• Less is more Productive Ward could be slimmed down. The most useful modules were the three foundation modules, followed by the medicines, patient observations and shift handover process modules. The remaining process modules were rarely implemented and could be omitted from the new version
  • Play the long game Systems for robust measurement of impact and costs should be built in from the start
  • Adaptability The programme needs to be able to absorb and adapt to changing organisational or NHS priorities
  • Involve patients and carers as partners

Source: NHS England and NHS Improvement

 

The legacies and learning from the programme

Successful legacies of the programme that could still be seen on many wards included protected mealtimes, more equipment kept closer to beds, and more efficient shift handovers.

An inpatient eating at the bedside. Successful legacies of the Productive Ward programme included protected mealtimes
Picture: Alamy

But the study also found chaotic mealtimes at some sites that had been through the Productive Ward programme, with dietary restrictions often recorded on more than one board and not regularly updated, and no systems for flagging missed meals.

There was also a lack of systems to record missed observations or medication.

Visual displays of data such as safety crosses and ‘Knowing how we are doing’ boards were often still present on wards, although some were not updated regularly, or were not relevant or discussed.

The study found the average length of the programme’s use in its case study sites was three years; financial and management support for the programme has disappeared in most trusts.

Investment and resources were key to programme implementation

Nurses surveyed for the study said it could be difficult to justify the resources needed for Productive Ward. ‘I couldn’t necessarily see the benefit,’ one nurse said.

Generally trusts said they no longer used the programme because they had adopted a different quality improvement (QI) approach, but the influence of Productive Ward was still felt in about half of the trusts’ QI strategies. Staff spoke about using Plan-Do-Study-Act improvement cycles, adopting a ‘lean’ mindset to reduce waste and improve patient flow, and giving ward staff a greater voice in QI.

‘It is apparent that those involved in Productive Ward ‘get’ lean ways of working’

Survey reposndent

One respondent said: ‘There are many similarities between the Productive Ward and the work we are now doing. Staff are not starting from the beginning, but building on work that has been done in the past. It is apparent that those involved in the Productive Ward ‘get’ lean ways of working and are able to grasp the principles easily.’

Nursing staff told the researchers about the major impact that being involved with Productive Ward had had on their careers. Starting with little or no QI experience, many went on to work on other initiatives at their trusts, or to work in QI at regional or national level in the NHS or the private sector.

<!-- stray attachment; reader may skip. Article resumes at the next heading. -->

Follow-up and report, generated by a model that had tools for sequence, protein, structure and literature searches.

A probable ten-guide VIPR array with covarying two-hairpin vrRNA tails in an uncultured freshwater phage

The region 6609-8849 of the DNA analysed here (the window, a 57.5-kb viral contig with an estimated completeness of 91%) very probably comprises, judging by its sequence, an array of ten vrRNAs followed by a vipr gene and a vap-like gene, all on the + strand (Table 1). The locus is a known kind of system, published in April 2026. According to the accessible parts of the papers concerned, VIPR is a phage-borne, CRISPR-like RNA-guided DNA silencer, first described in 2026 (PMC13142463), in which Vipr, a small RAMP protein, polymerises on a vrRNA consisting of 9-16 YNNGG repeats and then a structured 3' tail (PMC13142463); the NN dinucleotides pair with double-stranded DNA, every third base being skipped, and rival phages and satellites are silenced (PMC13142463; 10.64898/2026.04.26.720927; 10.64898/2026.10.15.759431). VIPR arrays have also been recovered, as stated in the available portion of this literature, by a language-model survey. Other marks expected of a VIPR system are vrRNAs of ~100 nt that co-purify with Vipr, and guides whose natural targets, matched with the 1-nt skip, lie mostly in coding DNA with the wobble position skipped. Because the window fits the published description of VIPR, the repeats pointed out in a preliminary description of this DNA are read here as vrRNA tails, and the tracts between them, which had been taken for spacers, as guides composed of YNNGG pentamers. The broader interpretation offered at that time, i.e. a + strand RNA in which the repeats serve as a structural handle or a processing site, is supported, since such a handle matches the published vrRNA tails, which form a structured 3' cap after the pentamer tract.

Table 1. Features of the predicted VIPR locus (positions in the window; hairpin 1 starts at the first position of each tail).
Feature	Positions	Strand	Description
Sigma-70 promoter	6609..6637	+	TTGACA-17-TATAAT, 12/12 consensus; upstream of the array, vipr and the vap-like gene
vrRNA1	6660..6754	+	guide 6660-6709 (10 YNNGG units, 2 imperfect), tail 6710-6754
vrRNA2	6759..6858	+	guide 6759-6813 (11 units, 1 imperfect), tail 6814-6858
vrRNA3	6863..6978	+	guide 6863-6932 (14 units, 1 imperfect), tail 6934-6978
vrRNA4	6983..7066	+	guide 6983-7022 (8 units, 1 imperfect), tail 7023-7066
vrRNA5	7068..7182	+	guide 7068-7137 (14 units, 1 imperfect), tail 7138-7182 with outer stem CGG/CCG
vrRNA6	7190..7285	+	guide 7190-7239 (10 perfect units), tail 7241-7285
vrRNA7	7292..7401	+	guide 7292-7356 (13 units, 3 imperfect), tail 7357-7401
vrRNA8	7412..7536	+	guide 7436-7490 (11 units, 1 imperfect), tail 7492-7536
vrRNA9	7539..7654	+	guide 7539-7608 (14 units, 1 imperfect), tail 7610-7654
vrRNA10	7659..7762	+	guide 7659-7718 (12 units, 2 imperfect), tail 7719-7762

Dr Sarre says the £50 million invested by the government to support the Productive Ward programme in England was essential to it being rolled out so widely. This money helped to fund Productive Ward leads, and money was used to release staff for training.

The study report says important lessons learned regarding local implementation at each trust included:

  • Integrating Productive Ward teams with the QI team.
  • Engaging central services and doctors from the start.
  • Training all levels of staff in the principles underlying the programme.
  • Achieving broad staff engagement with the initiative.

Organised work areas helped staff feel less tired

Peter Griffiths, chair of health services research at the University of Southampton, and one of the study’s researchers, agrees that the Productive series has had a major impact.

‘I would describe myself as a professional cynic, but when we were doing the research it did strike me how enthused people were. This has been embraced so positively. Productive Ward was very carefully designed, it was deliverable and well packaged.’


Productive Ward promoted efficient practices such as organising hospital supplies and spaces,
but financial support for the programme ran out in most trusts Picture: SPL

Liz Charalambous, an older people’s nurse and PhD student in Nottingham, can remember the enthusiasm the project inspired when Productive Ward arrived at the older people’s acute medical ward where she worked.

‘I found it very good, it was a sensible idea,’ she says. ‘It was good to spend some time on housekeeping and organise the work areas to minimise footfall, which helped nursing staff feel less tired. I derived great satisfaction from throwing away defunct equipment and out-of-date size 22 catheters.

‘Challenges included worries over landfill and environmental impact, finding nursing time to invest in the project as opposed to providing patient care, and the impact on estates and facilities, which needed careful managing.’

The programme led to tidier wards and an easier work environment for nurses, she says. ‘It paved the way for streamlining systems and processes, so maybe it did change practice long term.’ 


Erin Dean is a health journalist